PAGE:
United Methodist Women offers various resources in English, Spanish and Korean. United Methodist Women language ministries include, among others, Creole, French, Hmong, Japanese, and Tagalog, so language coordinators serve a key role in not only translating resources but contextualizing what it means to be part of United Methodist Women.

"I am Creek Indian. Woman's Society of Christian Service was my beginning, with my aunts and mother and elders pushing me," said Pearl Thomas, language coordinator from the Oklahoma Indian Missionary Conference. "I've been doing this all my life. I'm very proud."

Making connections

Just as language ministries is a vital part of United Methodist Women, United Methodist Women is a vital part of The United Methodist Church. Women at Voices talked about the collaborative relationships that can be made within the church, from reaching out to pastors, being part of theological training, being present and reporting at annual conferences to partnering with United Methodist Men. United Methodist Women, especially language coordinators, can help be a bridge between cultures within the church.

"In our conference there are invariably pastors who are assigned to churches that are not their cultural background," said Marlene Ward, president of the California-Nevada Conference United Methodist Women. "Many years ago in my own church we had our first black pastor, and it was the United Methodist Women who helped bridge the gap between the pastor and the majority white congregation. Where cross-cultural pastoral appointments are made, that's where United Methodist Women can step up, because we are already doing cross-cultural work."

The California-Nevada conference is also sure to include the denomination's racial/ethnic caucuses in decision making, and it offers a Mission u event in February at a time when migrant farmworkers are able to attend. The conference United Methodist Women were also invited to the Pacific School of Religion to talk about what they do.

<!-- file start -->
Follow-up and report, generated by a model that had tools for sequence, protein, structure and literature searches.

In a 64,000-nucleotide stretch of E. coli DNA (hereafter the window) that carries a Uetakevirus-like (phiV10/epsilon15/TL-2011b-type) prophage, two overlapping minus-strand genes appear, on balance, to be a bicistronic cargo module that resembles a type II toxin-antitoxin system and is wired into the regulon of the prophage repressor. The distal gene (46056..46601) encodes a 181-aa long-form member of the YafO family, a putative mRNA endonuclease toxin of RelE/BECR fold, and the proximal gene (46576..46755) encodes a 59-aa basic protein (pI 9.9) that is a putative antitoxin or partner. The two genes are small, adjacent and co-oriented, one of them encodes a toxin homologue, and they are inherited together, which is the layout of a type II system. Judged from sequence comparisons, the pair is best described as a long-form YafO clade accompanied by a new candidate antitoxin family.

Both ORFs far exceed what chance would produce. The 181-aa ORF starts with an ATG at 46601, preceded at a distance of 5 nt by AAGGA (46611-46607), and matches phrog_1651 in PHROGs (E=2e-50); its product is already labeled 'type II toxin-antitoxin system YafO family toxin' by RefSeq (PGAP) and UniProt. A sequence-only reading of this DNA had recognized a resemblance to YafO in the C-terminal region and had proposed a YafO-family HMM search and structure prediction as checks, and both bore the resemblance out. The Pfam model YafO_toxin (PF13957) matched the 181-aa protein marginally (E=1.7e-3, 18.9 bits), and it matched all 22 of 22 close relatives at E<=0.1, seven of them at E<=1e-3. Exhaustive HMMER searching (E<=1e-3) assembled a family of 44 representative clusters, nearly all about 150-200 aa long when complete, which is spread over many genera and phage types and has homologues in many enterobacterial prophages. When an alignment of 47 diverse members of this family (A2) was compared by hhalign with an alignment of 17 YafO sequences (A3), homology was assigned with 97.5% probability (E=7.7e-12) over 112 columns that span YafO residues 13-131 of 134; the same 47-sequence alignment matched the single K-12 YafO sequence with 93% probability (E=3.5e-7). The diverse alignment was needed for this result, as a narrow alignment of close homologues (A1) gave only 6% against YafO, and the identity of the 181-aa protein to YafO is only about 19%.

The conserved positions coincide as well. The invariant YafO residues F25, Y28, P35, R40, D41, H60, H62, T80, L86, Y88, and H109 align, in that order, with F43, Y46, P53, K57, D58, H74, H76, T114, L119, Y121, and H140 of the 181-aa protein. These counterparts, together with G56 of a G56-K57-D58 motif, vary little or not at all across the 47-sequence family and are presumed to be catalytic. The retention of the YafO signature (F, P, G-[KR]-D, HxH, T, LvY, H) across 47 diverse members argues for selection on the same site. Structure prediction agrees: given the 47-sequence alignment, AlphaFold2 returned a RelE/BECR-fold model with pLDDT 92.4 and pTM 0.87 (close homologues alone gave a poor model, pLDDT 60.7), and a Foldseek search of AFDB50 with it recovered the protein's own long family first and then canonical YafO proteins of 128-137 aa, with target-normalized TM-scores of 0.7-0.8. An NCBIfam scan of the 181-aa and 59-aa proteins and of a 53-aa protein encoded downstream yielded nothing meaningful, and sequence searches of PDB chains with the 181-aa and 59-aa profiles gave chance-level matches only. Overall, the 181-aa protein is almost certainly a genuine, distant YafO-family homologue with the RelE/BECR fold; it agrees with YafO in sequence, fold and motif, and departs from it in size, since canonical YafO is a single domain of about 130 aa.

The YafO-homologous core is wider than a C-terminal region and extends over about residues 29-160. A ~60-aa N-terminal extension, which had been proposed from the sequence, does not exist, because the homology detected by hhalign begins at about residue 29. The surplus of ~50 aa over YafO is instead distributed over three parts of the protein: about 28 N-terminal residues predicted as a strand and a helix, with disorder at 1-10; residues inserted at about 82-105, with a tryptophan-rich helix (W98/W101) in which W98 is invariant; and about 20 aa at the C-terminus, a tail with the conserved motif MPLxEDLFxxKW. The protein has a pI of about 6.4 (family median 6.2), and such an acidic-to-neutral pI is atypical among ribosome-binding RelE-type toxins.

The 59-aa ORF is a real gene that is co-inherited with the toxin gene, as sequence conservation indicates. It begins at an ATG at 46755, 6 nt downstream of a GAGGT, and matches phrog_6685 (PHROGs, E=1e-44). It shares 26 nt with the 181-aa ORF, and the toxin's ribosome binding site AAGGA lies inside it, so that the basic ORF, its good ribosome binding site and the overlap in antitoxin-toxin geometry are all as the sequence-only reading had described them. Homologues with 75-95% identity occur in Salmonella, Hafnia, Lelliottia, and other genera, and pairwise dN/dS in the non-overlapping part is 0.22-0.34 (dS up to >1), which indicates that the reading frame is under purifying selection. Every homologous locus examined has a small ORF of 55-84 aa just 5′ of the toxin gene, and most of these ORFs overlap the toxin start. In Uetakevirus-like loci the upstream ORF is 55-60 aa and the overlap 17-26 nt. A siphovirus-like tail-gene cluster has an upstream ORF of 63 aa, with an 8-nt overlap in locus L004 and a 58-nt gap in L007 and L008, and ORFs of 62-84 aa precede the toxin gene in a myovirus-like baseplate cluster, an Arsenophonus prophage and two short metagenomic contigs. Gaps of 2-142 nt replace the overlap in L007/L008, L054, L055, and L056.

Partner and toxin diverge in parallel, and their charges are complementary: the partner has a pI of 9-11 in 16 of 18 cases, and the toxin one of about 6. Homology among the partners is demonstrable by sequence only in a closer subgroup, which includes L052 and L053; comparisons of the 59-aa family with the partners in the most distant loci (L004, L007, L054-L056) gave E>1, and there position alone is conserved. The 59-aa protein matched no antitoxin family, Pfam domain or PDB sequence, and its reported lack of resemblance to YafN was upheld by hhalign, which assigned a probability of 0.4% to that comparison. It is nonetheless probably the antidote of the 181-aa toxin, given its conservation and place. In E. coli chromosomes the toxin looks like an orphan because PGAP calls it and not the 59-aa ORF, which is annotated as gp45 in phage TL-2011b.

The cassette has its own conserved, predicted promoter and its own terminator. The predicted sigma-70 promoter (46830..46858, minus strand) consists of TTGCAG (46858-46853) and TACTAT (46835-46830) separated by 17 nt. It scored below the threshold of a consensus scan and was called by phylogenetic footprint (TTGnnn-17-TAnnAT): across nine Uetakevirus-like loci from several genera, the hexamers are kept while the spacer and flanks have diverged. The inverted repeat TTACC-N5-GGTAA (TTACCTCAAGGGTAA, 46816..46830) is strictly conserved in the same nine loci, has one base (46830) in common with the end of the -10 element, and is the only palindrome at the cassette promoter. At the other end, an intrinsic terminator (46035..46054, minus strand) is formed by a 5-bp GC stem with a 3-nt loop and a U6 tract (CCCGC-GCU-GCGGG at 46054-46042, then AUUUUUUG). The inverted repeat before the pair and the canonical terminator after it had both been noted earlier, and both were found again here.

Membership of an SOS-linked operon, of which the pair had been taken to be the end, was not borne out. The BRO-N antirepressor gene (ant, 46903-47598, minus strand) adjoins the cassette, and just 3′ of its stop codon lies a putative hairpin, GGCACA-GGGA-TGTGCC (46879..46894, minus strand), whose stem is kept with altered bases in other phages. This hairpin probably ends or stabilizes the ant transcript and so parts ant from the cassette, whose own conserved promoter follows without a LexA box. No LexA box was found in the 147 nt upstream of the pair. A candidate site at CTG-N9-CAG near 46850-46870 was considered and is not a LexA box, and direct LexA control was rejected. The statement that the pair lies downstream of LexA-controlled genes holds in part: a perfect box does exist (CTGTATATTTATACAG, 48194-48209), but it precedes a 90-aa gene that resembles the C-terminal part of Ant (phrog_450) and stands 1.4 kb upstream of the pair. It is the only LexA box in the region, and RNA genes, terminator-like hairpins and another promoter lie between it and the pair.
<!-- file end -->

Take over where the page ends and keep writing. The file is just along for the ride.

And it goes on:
Baltimore-Washington Conference United Methodist Women also take part in the conference theological conversations.

"We have a collaborative relationship with Wesley Theological Seminary, and United Methodist Women is also part of conference pastors' training," said Elizabeth Stemley, president of the Baltimore-Washington Conference United Methodist Women.

"Make connections with the seminary or theological school near you, especially presidents — you can make those connections," said Ms. Villarreal.

United Methodist Women and The United Methodist Church pride themselves on their connectional relationships of mutual support. Those doing the blessed yet difficult work of inviting non-English speakers into a majority English-speaking context know the importance of partnerships and sustenance and of deep, enduring faith. United Methodist Women language coordinators exemplify faith, hope and love in action.

"We remembered our baptisms. We shared in the bread and the cup. We were fed the bread of life and we drank from the cup of the covenant," said Ms. Villarreal of the weekend. "We shared our stories. We told what hurts and what is rejoicing in our hearts. We shared what is going on in our communities and what is going on in our families. We opened our hearts to share with one another and to receive from one another.

"The weekend's Scripture says, 'Help these women, for they have struggled beside me,'" she continued. "I would say, help my United Methodist Women. They have struggled beside me, and they have brought me to this place."


Tara Barnes is editor of response.

Posted or updated: 7/17/2016 11:00:00 PM